Not plan to keep them — will keep them. Reliability is one of the keys to any good relationship, and good customer service is no exception. If you say, “I’ll be back to check on the herd on Tuesday,” make sure you’re there on Tuesday. Otherwise, don't say it. The same rule applies to client appointments, AI schedules, etc. Think before you give any promise, because nothing annoys customers more than a broken one.

3) Listen to your customers.


There’s nothing more exasperating from a customer’s perspective than telling their vet about a problem they’re experiencing and then discovering that that person hasn't been paying attention and needs to have it explained again. Listen long and hard to your customers. Let them talk and show them that you are listening by making the appropriate responses. Don’t cut them off mid-sentence or assume you understand the entire nature of the problem until they’ve finished, even if you suspect that you do. The animal is the patient, but the producer is the customer.

4) Deal with complaints.


No one likes hearing complaints, and many of us have developed a reflex shrug, saying, “You can't please all the people all the time.” Maybe not, but if you give the complaint your attention, you may be able to please this one person this one time — and position your business to reap the benefits of good customer service.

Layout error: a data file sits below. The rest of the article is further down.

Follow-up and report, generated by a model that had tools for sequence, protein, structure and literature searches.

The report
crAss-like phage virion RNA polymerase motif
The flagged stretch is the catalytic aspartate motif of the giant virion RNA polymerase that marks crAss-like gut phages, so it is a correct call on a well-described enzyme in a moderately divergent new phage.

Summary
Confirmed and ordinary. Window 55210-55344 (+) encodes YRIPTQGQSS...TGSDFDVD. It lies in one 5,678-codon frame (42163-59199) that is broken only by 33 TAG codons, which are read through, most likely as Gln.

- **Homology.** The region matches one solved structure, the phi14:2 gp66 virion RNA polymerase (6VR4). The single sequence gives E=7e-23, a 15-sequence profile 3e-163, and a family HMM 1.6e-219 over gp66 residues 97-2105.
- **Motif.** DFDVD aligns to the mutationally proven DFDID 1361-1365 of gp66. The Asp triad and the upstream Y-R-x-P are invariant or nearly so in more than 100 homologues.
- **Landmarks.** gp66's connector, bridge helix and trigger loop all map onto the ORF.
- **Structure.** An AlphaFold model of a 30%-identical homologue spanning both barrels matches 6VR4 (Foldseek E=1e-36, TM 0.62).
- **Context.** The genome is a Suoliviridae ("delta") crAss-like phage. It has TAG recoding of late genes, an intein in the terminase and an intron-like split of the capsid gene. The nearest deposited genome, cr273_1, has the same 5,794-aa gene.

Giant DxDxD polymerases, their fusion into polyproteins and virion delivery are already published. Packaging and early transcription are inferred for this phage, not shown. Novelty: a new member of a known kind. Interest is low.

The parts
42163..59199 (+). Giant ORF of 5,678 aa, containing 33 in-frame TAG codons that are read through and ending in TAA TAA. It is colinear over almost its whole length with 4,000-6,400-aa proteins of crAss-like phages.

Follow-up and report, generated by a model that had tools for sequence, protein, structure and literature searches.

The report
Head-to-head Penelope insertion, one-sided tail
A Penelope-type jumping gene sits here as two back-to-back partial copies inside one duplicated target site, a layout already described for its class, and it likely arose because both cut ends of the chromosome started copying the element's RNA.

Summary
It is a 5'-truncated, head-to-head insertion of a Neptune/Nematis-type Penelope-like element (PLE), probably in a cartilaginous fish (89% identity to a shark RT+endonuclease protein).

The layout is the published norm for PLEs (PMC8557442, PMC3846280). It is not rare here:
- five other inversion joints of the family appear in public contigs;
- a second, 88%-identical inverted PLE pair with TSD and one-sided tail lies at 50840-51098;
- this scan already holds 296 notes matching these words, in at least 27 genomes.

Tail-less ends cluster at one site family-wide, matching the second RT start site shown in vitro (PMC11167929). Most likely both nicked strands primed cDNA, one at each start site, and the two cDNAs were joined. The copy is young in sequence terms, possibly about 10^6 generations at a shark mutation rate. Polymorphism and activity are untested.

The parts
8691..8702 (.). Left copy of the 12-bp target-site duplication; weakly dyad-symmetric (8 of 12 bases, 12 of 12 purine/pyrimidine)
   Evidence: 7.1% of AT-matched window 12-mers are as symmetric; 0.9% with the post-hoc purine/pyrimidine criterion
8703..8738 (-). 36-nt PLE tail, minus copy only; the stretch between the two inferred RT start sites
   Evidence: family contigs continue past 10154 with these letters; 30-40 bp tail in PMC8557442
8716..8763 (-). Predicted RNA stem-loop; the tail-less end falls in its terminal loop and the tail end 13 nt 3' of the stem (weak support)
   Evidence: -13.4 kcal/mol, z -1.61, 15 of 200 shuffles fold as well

5) Be helpful — even if there's no immediate profit in it.


The other day I popped into a local watch shop because I had lost the small piece that clips the pieces of my watchband together. When I explained the problem, the proprietor said that he thought he might have one lying around. He found it, attached it to my watchband — and charged me nothing! Where do you think I'll go when I need a new watchband or even a new watch? And how many people do you think I've told this story to?

6) Train your staff (if you have any) to be always helpful, courteous and knowledgeable.


Do it yourself or, if your schedule is too hairy, hire someone to train them. Talk to them about good customer service and what it is (and isn't) regularly. Better yet, show them with your own customer interactions. Most importantly, give every member of your staff enough information and power to make those small customer-pleasing decisions, so he or she never has to say, “I don't know, but so-and-so will be back at...”

7) Take the extra step.


For instance, if someone walks into your office and asks you to help them find something that you don’t happen to carry, don't just say, “Sorry, we don’t carry that.” Instead, give them ideas on where they could find it and then take that extra step to call the store and ask. Whatever the extra step may be, if you want to provide good customer service, take it. They may not say so to you, but people notice when you and your staff make an extra effort and they will tell other people.

8) Throw in something extra.


Whether it's a coupon for a future discount, additional information on how to use the product or a genuine smile, people love to get more than they thought they were getting. And don’t think that a gesture has to be large to be effective. The local art framer that we use attaches a package of picture hangers to every picture he frames. It may be a small thing, but it’s so appreciated.

Of course, the trick is to apply these tips consistently. Doing half of them some of the time isn’t what will resonate with your customers. But if you can turn these tips into habits, you’ll be the vet that your clients refer other producers to.

Tags: cow ultrasound, Bovine ultrasound, Bovine Veterinarian, preg check cows